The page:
Five-0 Redux: Special delivery
BY WENDIE BURBRIDGE / Special to the Star-Advertiser
Old Chinese proverb: “The enemy of my enemy is my friend.” So said “Uncle Joe” White (Terry O’Quinn) to two sons — Adam Noshimuri (Ian Anthony Dale) and Steven J. McGarrett (Alex O’Loughlin).
Both sons react differently to the fact their fathers lied to them to keep them safe. One son doesn’t want to face the truth, while the other comes to a tough realization that he has been lied to his entire life, but at least now he understands it was to keep him alive. For love, perhaps; love he has struggled to understand since the day his father sent him away and told him, “you can always trust your Uncle Joe.”
But Steve is still struggling with that trust. And his Shelburne question lingers the entire episode. I have to say the answer to that question was a bit anti-climactic, but I was sorry to see Steve lose yet another father to the war with Wo Fat. Still, the story of sons avenging their fathers’ deaths will continue within both Steve’s and Wo Fat’s intersecting character arcs at least for the rest of this season, I think.
This week’s episode of “Hawaii Five-0,” entitled “Pū‘olo,” — which in Hawaiian means bundle, bag, container, parcel or packet, and as CBS translated the episode to mean “The Package” — seems like a pretty straightforward interpretation of the Hawaiian word.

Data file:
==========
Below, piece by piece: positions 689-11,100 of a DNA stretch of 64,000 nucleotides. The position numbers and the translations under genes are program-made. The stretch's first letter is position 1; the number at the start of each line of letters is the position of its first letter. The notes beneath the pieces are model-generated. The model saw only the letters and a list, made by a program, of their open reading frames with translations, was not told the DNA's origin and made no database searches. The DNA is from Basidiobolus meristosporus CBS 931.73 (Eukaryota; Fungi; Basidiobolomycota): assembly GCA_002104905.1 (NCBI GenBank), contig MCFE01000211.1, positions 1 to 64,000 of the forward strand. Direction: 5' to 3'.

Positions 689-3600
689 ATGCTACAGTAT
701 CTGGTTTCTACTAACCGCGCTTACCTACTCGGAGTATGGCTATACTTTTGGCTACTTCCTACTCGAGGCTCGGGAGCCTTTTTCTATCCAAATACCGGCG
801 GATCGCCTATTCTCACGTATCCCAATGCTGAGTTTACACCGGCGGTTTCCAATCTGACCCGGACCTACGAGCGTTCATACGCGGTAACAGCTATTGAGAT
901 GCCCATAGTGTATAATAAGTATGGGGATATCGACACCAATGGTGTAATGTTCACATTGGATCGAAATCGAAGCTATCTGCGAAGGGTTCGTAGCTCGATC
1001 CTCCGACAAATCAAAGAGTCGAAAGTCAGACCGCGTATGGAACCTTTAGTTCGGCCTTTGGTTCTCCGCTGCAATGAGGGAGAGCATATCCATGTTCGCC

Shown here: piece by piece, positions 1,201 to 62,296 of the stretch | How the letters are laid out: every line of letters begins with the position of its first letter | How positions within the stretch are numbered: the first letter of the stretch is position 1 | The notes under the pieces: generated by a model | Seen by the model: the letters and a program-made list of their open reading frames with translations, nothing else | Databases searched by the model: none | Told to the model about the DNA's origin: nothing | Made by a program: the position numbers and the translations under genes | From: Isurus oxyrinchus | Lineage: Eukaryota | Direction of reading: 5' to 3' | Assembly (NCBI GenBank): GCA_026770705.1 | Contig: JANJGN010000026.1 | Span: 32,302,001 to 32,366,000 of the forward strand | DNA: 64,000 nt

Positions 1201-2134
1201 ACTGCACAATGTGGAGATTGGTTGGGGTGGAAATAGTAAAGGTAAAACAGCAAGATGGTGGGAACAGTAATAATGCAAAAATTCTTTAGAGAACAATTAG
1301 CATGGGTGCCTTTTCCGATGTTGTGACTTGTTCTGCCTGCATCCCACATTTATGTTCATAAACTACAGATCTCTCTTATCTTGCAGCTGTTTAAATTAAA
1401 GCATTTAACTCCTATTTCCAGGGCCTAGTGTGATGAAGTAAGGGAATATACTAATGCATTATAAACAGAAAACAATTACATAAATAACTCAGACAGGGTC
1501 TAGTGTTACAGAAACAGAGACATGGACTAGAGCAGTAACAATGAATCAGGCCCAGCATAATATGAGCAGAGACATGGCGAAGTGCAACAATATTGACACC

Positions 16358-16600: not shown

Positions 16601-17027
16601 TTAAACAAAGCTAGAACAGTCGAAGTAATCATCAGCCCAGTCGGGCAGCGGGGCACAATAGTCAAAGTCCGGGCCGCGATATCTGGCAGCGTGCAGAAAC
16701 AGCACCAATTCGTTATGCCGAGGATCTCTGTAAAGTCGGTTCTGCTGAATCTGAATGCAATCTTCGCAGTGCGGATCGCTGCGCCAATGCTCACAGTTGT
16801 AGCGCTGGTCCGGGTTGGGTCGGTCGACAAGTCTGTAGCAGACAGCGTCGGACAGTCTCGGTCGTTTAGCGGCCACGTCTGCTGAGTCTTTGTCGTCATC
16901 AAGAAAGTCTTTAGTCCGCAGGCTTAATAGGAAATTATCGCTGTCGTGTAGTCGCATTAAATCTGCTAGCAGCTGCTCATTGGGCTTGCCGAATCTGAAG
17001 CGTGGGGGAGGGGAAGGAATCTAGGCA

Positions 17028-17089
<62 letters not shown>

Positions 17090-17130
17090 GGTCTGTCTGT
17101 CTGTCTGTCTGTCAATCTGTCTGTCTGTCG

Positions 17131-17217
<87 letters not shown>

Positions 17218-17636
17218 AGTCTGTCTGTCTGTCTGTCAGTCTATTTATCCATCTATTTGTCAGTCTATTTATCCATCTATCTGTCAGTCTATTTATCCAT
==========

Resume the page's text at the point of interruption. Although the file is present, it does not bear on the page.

A hijacking of a delivery truck to steal a package of RFID tags to make fake passports. The special delivery of Rachel and Stan’s bundle of joy. A parcel of bad news, delivered to McGarrett by “Uncle Joe” White, that both mends and severs the relationship between McG and his stand-in father figure. There were literal representations of a package throughout this episode, and a few figurative elements as well.
Much of what McG learned this week would never have been discovered if he hadn’t taken action by confronting Joe and the yakuza. As dangerous as both actions may have been, McG is never one to turn away from a tough fight — just like his father. But perhaps he was right; maybe action was the best way to figure out what secrets Joe was hiding. Sort of like trying to track down a lost UPS parcel with their handy tracker number. Only McG’s number seems to have been altered many times by Joe and others so he would not find out the truth.